LPD weighs in-vest-ment in officer protection

By Sheyanne Romero

@Sheyanne_SGN

lindsay – The job of a police officer is physically demanding. Whether they are stopping a crime or helping a local resident with a concern, officers put their lives on the line every day. One officer and his superior at the Lindsay Police Department (LPD) are looking for a ways to ease the physical stress of their unit.

On Feb. 9 Lindsay Police officer Eddie Alcantar and interim chief of public safety Chris Hughes gave a presentation at city council regarding the departments desire to switch from utility belts to tactical vests.After healing from a back injury, officer Alcantar still had a few aches and pains. Moving in and out of his patrol vehicle only made the nagging pain worse. The long time LPD officer isn’t the only officer who has felt the discomfort of lower back pain.

“We’re patrolling all day and sitting in the vehicle with the belt putting weight on your lower back is uncomfortable,” said Alcantar.

A news segment on officers in Seaside, Calif. using tactical vest prompted Alcantar to make a call to the police department. Officers he spoke with all confirmed that they couldn’t be happier with the switch and felt a significant difference in their lower back pain.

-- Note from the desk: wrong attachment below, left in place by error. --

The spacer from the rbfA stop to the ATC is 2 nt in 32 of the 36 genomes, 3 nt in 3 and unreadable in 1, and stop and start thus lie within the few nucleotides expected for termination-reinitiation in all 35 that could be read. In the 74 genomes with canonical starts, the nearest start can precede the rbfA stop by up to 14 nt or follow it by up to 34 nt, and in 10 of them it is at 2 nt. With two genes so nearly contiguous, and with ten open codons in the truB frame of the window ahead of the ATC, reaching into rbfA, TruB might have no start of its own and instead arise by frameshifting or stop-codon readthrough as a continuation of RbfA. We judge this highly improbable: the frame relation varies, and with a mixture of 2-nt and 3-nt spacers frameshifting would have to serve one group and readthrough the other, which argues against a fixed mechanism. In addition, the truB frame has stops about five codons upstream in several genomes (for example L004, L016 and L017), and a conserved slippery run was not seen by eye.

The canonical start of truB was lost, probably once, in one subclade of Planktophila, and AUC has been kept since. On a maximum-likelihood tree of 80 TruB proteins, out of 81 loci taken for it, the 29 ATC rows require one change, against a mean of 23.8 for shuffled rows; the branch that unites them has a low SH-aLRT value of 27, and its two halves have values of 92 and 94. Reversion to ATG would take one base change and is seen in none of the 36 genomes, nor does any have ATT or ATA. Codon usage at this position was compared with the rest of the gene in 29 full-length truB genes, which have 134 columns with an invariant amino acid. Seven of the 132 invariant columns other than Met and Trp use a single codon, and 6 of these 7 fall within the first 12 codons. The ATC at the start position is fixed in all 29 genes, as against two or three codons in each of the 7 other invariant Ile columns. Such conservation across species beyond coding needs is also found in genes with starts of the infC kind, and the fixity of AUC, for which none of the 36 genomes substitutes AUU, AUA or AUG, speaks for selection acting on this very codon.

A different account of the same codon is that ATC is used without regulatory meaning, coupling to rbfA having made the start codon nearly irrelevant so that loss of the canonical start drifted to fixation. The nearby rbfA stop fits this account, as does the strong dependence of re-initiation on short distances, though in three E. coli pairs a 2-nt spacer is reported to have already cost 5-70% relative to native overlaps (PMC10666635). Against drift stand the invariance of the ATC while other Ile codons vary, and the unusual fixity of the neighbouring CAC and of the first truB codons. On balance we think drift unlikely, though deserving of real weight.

Alcantar approached Hughes who was receptive to the idea of switching to tactical vests. Hughes then requested that Alcantar do the research and present him with his findings. Alcantar researched several companies who manufactured the vests for a number of law enforcement agencies.

It has been four months since Alcantar zipped up his vest for the first time. Although there were a few features to get adjusted to, he found the transition to be seamless. Alcantar stated, “The only thing I had to get use to was reaching for my handcuffs, which would sit on the back of my hip.”

In addition to the decrease in lower back pain the vest also fitted with the officers’ kevlar vest and match the color of the officers uniform. In an effort appear less militaristic Hughes stated, “We are limiting how many items the officers can place in the vest.” Alcantar shared with members of city council and staff that he has received positive feed back from those in the community. In fact, Alcantar shared that unless he asks the residents for their opinion, they have not seemed to notice the difference in the officers uniform.

Since Alcantar has been wearing the vest, other officers have begun asking when they will get theirs. “They know how much it’s going to benefit them,” said Alcantar. Hughes went on to share that other officers are envious of Alcantar’s vest and can’t wait to get one of their own. The cost to outfit the entire LPD unit is approximately $5,000. According to Hughes, the department is exploring alternative funding sources for the vests and is unsure when the unit will be outfitted.

For those interested in donating to the Lindsay Police Department, they can reach Sgt. Meza at 562-2511.

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